Thevenin's Equivalent Circuit Concept

Thread Starter

divinesage

Joined Sep 13, 2010
7
Hello everybody, first up I'd like to say I'm very lucky to have googled and found such nice help forum. Anyway I do have a question which I need help on, it's below:



For maximum power, R(L) should be equal to R(TH) in Thevinin's Equivalent Circuit. So am I right to say that all I need to do is find R(TH) and I'll be done? I believe I have a conceptual error here as I am unable to find the answer as displayed above.

What I did was to remove all power sources from the circuit first, so then Vx would be zero since the dependent source is zero. My idea was that since Vx through the dependent source is zero, then the object that it's dependent on would also have a zero Vx. (ie. the p.d. across the 4 ohm resistor which has the Vx on it is zero and hence removed). Doing so would give me a 8/3 ohm resistance for R(TH) which is certainly not the answer.

My guess is that the dependent source plays a part in R(TH), but I was struggling over the question for a while unable to get anything resembling the 3 ohm answer above. So, any help here would be greatly appreciated. Thanks! :)
 

Jony130

Joined Feb 17, 2009
5,023
Well I think that to find Rth with dependent source you need first find Vth without RL and then replaced RL by a short circuit and then you need to find this short current Isc.
And finally
Rth = Vth/Isc
 

Ghar

Joined Mar 8, 2010
655
You can't remove Vx because it does affect Rth.

The reason is that Rth is defined as V/I applied to the port you're looking at.

Jony's method works, or you can apply either a voltage (or current) at the port and find the current (or voltage). The ratio is Rth = V/I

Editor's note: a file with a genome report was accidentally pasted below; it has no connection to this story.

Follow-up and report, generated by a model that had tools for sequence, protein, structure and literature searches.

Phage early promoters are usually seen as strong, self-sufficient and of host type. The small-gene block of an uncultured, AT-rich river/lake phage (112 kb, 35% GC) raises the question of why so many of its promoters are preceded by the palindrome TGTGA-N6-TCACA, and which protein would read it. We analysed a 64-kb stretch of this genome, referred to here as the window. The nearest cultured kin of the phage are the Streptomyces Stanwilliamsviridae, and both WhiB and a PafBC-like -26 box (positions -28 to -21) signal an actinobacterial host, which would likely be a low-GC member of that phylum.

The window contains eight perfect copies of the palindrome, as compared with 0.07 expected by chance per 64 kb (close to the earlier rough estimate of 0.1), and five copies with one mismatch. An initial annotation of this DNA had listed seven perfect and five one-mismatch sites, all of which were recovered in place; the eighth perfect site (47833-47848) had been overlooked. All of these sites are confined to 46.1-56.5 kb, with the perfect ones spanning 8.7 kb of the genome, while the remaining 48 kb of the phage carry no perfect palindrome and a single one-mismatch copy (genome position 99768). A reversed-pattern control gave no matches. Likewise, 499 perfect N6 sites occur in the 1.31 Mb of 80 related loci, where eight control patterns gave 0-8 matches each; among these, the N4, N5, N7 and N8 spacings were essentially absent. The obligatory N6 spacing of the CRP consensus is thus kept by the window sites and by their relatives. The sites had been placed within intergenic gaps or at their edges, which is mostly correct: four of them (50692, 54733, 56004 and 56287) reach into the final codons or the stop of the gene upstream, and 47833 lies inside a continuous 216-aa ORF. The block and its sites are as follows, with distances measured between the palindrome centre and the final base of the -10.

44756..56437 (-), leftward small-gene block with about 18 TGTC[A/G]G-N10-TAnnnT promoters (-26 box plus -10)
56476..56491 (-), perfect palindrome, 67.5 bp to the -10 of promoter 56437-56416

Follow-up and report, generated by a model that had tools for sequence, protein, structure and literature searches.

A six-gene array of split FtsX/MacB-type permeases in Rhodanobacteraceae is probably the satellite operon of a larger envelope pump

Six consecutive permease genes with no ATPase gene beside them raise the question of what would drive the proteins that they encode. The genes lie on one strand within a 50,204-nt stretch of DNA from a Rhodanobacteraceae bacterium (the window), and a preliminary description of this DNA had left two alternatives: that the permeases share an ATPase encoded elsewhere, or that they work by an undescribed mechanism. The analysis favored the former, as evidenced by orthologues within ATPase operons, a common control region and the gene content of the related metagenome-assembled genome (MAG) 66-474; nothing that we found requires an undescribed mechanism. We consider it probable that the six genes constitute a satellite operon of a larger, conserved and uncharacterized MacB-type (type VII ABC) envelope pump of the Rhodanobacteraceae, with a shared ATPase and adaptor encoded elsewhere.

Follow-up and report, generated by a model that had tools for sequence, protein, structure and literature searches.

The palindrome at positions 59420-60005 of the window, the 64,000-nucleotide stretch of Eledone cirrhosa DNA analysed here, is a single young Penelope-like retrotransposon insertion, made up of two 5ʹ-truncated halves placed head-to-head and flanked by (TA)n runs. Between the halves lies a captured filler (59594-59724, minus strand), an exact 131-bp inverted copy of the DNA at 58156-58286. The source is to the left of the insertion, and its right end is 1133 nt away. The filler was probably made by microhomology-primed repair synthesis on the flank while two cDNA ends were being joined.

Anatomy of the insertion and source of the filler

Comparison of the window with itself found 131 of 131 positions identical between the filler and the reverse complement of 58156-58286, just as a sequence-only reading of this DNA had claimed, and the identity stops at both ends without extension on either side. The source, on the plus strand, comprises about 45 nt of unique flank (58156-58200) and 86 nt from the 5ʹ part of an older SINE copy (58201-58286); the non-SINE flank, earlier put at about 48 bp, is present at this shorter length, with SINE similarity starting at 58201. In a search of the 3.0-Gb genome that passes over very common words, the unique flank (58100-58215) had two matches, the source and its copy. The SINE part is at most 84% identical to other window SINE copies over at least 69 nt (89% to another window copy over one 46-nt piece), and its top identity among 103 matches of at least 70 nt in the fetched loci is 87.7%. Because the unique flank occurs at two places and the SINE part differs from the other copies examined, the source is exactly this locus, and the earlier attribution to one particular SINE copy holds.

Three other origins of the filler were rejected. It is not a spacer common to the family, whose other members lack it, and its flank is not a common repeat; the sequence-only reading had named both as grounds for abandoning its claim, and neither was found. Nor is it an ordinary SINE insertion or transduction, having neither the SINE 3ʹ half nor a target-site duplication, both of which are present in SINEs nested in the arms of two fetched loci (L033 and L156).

Jony130

Joined Feb 17, 2009
5,023
or you can apply either a voltage (or current) at the port and find the current (or voltage). The ratio is Rth = V/I
Are you sure about this method?

1.PNG

(100V - V1)/4Ω = (V1 - 20V)/4Ω + (V1 - 10V)/4Ω
V1 = 130/3 = 43.33V
I1 = 25/3A + 85/3A = 110/3 = 36.67A
Rth = 10V/36.67 = 0.27Ω

But if I do it "my way"

2.PNG

Then Rth = 120V/40A = 3Ω
 

Thread Starter

divinesage

Joined Sep 13, 2010
7
Are you sure about this method?

View attachment 22587

(100V - V1)/4Ω = (V1 - 20V)/4Ω + (V1 - 10V)/4Ω
V1 = 130/3 = 43.33V
I1 = 25/3A + 85/3A = 110/3 = 36.67A
Rth = 10V/36.67 = 0.27Ω

But if I do it "my way"

View attachment 22588

Then Rth = 120V/40A = 3Ω
Okay I understand both methods now. But I've been getting Rth = 60/30 = 2Ω for Jony's method. Been checking the polarities of Vx and I can't seem to find any problem with it. Very strange.

Using your diagram:



Current through resistor (I'll call it I3) with Vx is negative, so the dependant voltage source Vx should be negative. If I apply KVL around the topmost loop it becomes

-Vx -8I1 + 4I2 = 0
This would lead me eventually to:
I3 = I2 (which doesn't make sense because I1 + I2 = I3 and this would make I1 = 0)

The only way which I can get the correct 120V is when Vx is a positive value but then that would mean wrong polarities in the circuit.

Thanks again for the help!
 
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Jony130

Joined Feb 17, 2009
5,023
First what I did is to fond voltage on node V1.
So for current that I draw in schematics
(100V - V1)/4Ω + ( (100V+Vx) - V1)/8Ω = (V1 - 20V)/4Ω

And Vx = V1 - 20V

And for finding Isc

(100V - V1)/4Ω = (V1 - 20V)/4Ω + V1/4Ω
 

Thread Starter

divinesage

Joined Sep 13, 2010
7
From my diagram below:

I1 + I2 = I3
Vx = 4 I2

Applying KVL around leftmost loop:

100 - 4 I1 + 4 I2 - 20 = 0
20 = I1 - I2

Applying KVL around top loop:

Vx + 4 I3 + 4 I3 + 4 I1 = 0
Vx + 12 I1 + 8 I2 = 0

Since Vx = 4 I2,

12 I1 = -12 I2
I1 = -I2
I3 = 0 (doesn't make sense)

Very strange..
 

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Thread Starter

divinesage

Joined Sep 13, 2010
7
EDIT: Never mind, I got what Jony meant already. Kinda noobed out and forgot some basic stuff. Ugh, took me half a day to figure it out again. Thanks all!
 
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